Sara Mock
"That last sheep was kinda funky tastin !


buzz
Look, if you lay off the rot-gut booze, those boots won't match your eyes.


Mark L (Muleflock Mark)
Hey, um....if we ever actually compete, could we look at upgrading the foot wear?

Tuesday, February 21, 2012

Last chance for the Caption Contest

Last chance to submit your caption for the "Caption Contest".

You can submit it here or in the link below. Tess will pick the winner tomorrow.


http://deltabluez.blogspot.com/2012/02/caption-contest-deltabluez-anson-aka.html

Monday, February 20, 2012

The Best Doggoned Dog in the World

I loved watching the Disney shows when I was growing up. I loved them all but anyoe that was dog or horse related, I adored.  Here is a clip from Disney on "all about dogs"....later in the clip around 26 minute section.


Sunday, February 19, 2012

Food on my Dog


This is a great website. The guy has a Staffordshire Terrier and American Bulldog mix named Tiger.   He puts food on top of her head and takes a pix for his blog. Good, clear entertainment. No animals were hurt in the display.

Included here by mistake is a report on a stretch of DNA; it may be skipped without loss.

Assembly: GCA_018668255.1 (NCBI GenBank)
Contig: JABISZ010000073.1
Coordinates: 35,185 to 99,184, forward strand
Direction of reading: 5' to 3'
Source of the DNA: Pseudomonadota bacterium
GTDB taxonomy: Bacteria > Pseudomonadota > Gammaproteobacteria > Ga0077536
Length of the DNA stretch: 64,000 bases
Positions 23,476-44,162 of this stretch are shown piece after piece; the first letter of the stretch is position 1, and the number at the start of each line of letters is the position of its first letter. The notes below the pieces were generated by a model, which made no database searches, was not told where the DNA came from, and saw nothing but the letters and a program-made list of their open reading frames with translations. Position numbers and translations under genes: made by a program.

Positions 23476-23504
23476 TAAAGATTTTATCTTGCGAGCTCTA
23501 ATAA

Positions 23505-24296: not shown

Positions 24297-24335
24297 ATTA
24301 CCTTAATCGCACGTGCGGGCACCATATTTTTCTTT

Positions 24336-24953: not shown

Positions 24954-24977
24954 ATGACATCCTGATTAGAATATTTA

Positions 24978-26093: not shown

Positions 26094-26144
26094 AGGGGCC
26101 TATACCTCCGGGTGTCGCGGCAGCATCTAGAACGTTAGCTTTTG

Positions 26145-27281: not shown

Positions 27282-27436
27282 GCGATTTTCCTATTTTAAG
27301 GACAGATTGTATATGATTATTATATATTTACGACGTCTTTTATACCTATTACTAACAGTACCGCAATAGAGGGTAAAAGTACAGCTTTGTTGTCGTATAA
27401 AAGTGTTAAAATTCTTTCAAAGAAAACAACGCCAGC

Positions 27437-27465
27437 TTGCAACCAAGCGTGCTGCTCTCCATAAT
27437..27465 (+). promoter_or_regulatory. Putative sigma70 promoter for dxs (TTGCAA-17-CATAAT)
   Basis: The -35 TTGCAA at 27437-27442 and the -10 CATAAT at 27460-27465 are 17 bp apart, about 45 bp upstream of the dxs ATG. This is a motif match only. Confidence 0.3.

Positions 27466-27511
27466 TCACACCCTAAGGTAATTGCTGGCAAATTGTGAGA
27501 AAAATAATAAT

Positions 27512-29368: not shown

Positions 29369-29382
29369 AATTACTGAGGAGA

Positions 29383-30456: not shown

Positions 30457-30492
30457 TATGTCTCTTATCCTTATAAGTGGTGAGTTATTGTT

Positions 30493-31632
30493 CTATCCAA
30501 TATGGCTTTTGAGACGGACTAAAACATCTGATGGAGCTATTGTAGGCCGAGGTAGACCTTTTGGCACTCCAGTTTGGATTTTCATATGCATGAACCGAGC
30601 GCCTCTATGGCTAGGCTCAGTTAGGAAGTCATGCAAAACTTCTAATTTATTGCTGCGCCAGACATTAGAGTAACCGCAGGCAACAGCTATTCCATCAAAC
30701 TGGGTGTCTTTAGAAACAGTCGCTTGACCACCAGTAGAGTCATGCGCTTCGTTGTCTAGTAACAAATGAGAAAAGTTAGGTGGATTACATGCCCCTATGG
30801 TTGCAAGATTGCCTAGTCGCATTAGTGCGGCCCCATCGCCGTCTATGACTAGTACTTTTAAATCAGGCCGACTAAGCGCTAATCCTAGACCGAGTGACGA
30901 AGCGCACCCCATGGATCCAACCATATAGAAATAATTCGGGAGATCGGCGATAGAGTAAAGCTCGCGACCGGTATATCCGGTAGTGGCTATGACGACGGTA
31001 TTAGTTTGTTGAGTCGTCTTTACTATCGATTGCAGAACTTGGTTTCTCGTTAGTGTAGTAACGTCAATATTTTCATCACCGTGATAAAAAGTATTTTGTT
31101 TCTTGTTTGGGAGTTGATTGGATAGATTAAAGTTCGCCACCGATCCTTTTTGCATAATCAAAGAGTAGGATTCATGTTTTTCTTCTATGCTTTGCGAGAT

http://foodonmydog.tumblr.com/

Saturday, February 18, 2012

Questions to ponder....

Can you cry under water?

How important does a person have to be before they are considered assassinated instead of just murdered?

Why do you have to 'put your two cents in'... but it's only a 'penny for your thoughts'? Where's that extra penny going?

Once you're in heaven, do you get stuck wearing the clothes you were buried in for eternity?

Why does a round pizza come in a square box?

What disease did cured ham actually have?

How is it that we put man on the moon before we figured out it would be a good idea to put wheels on luggage?

Why is it that people say they 'slept like a baby' when babies wake up like every two hours?

If a deaf person has to go to court, is it still called a hearing?

Why are you IN a movie, but you're ON TV?

Why do people pay to go up tall buildings and then put money in binoculars to look at things on the ground?

Why do doctors leave the room while you change? They're going to see you naked anyway...

Why is 'bra' singular and 'panties' plural?

Why do toasters always have a setting that burns the toast to a horrible crisp, which no decent human being would eat?

If Jimmy cracks corn and no one cares, why is there a stupid song about him?

If the professor on Gilligan's Island can make a radio out of a coconut, why can't he fix a hole in a boat?

Why does Goofy stand erect while Pluto remains on all fours?They're both dogs!

If Wile E. Coyote had enough money to buy all that ACME crap, why didn't he just buy dinner?